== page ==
At the start of any training event, it’s likely that the participants will have to engage in an ice-breaker. Many of us (me included) dread it: we don’t want to be embarrassed or made to stand out of the crowd by saying or doing something stupid.
With this in mind, when I’m designing training courses or small workshops, I think long and hard about how to ease the participants into the session.
The reason I only gave Nancy’s book four stars is that, whilst I liked what she was saying (enough to put some of it into practice) I didn’t truly believe in the magic that she was describing.
Nancy starts every meeting by asking the attendees to do two things:
a) state one thing that they did last week which made them feel proud of themselves.
b) turning to the person on the left, to say one thing that you really respect them for.
Everybody gets to speak twice before the meeting has even begun. For the first 10 minutes, every comment made is a positive one. The impact? There is a dynamic shift in the room. Everybody feels relaxed, upbeat, positive and willing to contribute.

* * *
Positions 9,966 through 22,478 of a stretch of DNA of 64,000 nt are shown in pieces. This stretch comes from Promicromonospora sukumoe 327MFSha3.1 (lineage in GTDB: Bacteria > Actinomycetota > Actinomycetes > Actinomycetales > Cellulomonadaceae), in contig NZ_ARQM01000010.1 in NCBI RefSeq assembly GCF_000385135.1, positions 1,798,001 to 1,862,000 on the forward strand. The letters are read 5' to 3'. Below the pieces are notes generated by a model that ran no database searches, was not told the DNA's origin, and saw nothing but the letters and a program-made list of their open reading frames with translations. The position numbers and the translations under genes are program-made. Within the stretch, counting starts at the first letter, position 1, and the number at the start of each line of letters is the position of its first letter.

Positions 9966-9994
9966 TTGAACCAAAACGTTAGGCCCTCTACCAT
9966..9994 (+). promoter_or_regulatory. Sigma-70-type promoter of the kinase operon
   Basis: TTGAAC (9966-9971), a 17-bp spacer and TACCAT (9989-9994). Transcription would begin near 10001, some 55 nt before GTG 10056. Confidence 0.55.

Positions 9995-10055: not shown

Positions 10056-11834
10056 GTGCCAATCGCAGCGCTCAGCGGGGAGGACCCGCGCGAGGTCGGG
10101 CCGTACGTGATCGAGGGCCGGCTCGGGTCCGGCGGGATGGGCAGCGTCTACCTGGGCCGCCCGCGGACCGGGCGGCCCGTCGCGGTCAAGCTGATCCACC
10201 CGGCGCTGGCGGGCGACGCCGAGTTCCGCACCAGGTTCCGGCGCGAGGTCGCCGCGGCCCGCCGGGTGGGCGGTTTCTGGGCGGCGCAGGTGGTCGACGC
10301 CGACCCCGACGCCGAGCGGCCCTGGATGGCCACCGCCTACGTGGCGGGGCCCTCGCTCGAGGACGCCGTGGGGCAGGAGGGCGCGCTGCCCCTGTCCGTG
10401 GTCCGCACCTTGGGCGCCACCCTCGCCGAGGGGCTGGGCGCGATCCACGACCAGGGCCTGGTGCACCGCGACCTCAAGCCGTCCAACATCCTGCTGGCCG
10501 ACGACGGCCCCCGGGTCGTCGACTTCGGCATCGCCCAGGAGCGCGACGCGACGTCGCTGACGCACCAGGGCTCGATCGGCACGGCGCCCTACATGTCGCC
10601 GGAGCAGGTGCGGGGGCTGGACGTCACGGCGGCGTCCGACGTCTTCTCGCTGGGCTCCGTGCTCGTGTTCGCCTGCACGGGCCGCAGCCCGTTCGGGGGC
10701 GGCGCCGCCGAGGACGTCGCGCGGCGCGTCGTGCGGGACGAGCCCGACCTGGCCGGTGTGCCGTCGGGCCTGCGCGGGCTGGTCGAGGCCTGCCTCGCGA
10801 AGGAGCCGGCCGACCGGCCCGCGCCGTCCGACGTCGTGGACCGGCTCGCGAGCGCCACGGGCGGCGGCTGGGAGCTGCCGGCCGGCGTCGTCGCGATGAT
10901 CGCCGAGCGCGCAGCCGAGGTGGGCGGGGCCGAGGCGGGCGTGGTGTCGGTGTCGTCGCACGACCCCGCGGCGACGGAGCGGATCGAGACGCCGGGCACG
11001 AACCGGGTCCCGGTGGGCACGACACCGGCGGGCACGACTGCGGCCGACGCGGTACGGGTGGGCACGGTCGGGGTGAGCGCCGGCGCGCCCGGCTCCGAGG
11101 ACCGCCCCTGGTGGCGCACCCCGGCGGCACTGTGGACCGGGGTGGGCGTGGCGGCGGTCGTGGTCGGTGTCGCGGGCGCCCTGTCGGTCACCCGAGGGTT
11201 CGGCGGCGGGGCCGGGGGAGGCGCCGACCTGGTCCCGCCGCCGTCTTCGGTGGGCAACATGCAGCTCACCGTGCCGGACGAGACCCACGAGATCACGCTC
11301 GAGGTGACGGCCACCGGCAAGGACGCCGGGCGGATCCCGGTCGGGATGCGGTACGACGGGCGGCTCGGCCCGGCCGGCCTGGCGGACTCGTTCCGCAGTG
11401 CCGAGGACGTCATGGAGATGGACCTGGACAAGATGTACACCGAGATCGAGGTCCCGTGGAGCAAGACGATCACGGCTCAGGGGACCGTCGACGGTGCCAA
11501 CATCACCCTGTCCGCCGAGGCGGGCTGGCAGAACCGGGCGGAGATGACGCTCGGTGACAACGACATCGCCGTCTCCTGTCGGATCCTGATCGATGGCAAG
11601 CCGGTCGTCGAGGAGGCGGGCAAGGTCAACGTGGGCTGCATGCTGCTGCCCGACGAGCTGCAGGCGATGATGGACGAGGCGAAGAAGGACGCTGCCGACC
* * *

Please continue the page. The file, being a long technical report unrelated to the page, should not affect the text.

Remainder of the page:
Last week I was working with a team that has had some difficult few years, has just recently has turned the corner and is on the road to recovery. We started with this ice-breaker, and by the time we finished there wasn’t a dry eye in the house. Not because they were sad, but because of the overwhelming emotions they were feeling. They all liked each other already, just nobody had expressed it before. And they liked what they heard.
It was magical. Just like Nancy said it would be.
Going back to the start, I believe that on the whole ice-breakers are naff. Why do trainers and facilitators like to torture us by making participants behave like animals – literally? And what purpose do these particular interventions serve?
From my point of view, there’s no reason why we can’t strive to find respectful and effective ice-breakers like the one I’ve described above. Those trainers who don’t just let our industry down.